The Northeast Climate Science Center provides scientific information, tools, and techniques that managers and other parties interested in land, water, wildlife and cultural resources can use to anticipate, monitor, and adapt to climate change in the Northeast region.

NE CSC Graduate Fellow Pearl May works with a team at the University of Wisconsin to help Dane County, WI officials understand the potential flooding risks in the area.  Their storm transposition tool assesses the potential impacts of a known storm transposed on a different location - in this case the city and infrastructure of Madison, Wisconsin.

Dana O'Shea

The 2015 NE CSC Fellows Retreat was held September 22-25 in Suring, Wisconsin. Twenty Graduate and Postdoctoral Fellows gathered to share their research, develop collaborations, and learn from stakeholders and scientists who have established strong working relationships.

Thomas Bonnot, NE CSC Graduate Fellow

The Northeast Climate Science Center is proud to present its Annual Report.  Research activities and accomplishments are highlighted for a variety of events and projects held over the last year.  Featured events include: the Shifting Seasons Building Capacity for Tribal Climate Change Adaptation Summit, which brought tribes and scientists together...

Climate change threatens our lands and seas, our wildlife, and our natural and cultural resources. To conserve our natural environment, managers rely on climate model projections to determine where to take action, what type of action to take, and how much action to apply. Alex Bryan, postdoctoral fellow and climate scientist for the NE CSC, provides such guidance.

Alex Bryan. Water Vapor Mixing Ratio

The NE CSC’s Graduate and Postdoctoral Fellows are actively engaged in research that provides scientific information and tools that natural resource managers can use to aid climate adaptation in the Northeast region.  What are they working on and who will benefit from their research?  Watch the video!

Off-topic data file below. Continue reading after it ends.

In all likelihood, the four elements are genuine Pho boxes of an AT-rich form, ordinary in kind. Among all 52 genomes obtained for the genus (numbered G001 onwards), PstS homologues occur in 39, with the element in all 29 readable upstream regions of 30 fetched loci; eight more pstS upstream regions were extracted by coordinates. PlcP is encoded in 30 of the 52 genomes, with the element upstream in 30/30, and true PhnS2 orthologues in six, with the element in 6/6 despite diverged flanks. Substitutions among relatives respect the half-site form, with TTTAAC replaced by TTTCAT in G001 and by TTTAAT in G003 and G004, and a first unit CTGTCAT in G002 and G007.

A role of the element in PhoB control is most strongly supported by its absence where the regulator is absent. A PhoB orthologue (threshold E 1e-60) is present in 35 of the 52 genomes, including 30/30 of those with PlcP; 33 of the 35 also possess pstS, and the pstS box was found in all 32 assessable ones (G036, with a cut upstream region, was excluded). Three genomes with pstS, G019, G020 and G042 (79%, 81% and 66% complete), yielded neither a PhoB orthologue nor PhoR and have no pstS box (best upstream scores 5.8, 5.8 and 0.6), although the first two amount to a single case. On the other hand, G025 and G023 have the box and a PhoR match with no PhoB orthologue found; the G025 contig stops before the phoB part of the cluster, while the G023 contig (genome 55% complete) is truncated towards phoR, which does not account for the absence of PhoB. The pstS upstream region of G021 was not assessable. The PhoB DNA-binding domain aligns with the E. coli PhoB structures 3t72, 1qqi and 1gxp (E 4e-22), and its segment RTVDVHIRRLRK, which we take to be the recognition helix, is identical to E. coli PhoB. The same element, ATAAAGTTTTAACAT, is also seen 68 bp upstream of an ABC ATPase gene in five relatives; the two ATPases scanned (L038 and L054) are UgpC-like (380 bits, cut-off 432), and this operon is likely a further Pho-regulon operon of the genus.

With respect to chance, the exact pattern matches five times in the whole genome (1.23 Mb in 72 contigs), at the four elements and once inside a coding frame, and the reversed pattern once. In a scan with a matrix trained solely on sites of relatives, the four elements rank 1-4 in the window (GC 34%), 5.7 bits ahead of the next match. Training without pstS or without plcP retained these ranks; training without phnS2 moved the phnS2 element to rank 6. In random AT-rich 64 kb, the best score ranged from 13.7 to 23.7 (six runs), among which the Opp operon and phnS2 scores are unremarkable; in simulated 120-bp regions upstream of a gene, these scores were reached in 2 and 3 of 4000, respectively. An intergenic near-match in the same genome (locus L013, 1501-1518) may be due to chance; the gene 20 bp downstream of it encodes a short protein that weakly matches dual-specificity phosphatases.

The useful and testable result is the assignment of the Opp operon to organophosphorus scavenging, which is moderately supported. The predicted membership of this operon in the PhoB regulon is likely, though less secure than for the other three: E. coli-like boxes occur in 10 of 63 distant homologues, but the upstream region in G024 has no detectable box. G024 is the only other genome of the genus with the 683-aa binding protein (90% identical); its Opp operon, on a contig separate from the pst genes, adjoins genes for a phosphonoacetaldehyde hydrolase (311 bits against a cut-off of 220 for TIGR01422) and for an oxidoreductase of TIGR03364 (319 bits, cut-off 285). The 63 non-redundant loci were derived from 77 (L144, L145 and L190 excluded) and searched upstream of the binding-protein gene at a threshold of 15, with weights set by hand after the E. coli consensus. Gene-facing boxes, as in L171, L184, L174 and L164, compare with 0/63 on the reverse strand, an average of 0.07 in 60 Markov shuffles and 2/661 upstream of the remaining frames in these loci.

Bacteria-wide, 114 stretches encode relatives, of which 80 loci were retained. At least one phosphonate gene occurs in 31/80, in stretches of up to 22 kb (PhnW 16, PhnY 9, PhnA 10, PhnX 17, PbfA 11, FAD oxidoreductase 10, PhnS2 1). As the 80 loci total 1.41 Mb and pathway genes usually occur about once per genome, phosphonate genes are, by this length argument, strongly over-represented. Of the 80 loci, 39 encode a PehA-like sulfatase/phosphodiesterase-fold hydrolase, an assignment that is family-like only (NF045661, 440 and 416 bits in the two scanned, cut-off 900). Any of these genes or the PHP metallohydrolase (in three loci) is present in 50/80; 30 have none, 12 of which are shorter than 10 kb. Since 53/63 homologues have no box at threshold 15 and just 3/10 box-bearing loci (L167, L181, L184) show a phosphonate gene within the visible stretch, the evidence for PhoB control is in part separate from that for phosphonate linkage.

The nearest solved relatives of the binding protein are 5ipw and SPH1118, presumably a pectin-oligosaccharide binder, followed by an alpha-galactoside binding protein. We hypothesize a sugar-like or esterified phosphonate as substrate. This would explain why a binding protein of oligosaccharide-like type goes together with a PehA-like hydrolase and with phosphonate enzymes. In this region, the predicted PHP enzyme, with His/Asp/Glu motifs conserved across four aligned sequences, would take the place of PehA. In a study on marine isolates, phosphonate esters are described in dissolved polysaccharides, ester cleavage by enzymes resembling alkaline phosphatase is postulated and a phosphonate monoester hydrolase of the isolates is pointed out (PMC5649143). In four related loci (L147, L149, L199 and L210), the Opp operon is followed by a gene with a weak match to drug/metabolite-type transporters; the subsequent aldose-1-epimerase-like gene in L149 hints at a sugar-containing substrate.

NE CSC Fellow David Johnson was standing in a salt marsh on the northern Massachusetts coast when he saw a fiddler crab, Uca pugnax, nearly 50 miles north of its supposed natural range. The migration north of this charismatic crab with the big, waving claw may be yet another sign of climate change.

David Johnson

American Indian Tribes have continuously adapted to changing climates for thousands of years by adapting their lifestyles and cultural practices.  The October 2014 Shifting Seasons: Building Tribal Capacity for Climate Change Adaptation Summit in Kashena, WI focused on building relationships between tribes and climate researchers.

2014 Summit. Julie Edler, College of Menominee Nation.

Understanding how climate and landscapes affect species demography is critical to forecasting impacts on wildlife.  Productivity of species, such as this Acadian flycatcher sitting on her nest, is affected by weather and patterns in the surrounding landscape. 

W. Andrew Cox, University of Missouri-Columbia

Developing strategies for addressing global change, including changing climatic regimes, invasive species, and changing land use, is the grand challenge to sustainable management and conservation of forests.  Experimentally girdled black ash within the Chippewa National Forest, MN are being used to anticipate the impacts of emerald ash borer on the vegetation dynamics...

Anthony D’Amato, UMN Department of Forest Resources

During our January 2013 NE CSC Stakeholder Outreach and Science Planning Meetings, we asked our stakeholders, "In five words or less describe the most important climate science need for the geographic region covered by the NECSC"...

Significant environmental factors that affect the structure and function of estuarine and marine systems include temperature, sea-level rise, the availability of water and associated nutrients from precipitation and runoff from land, wind patterns, and storminess. 



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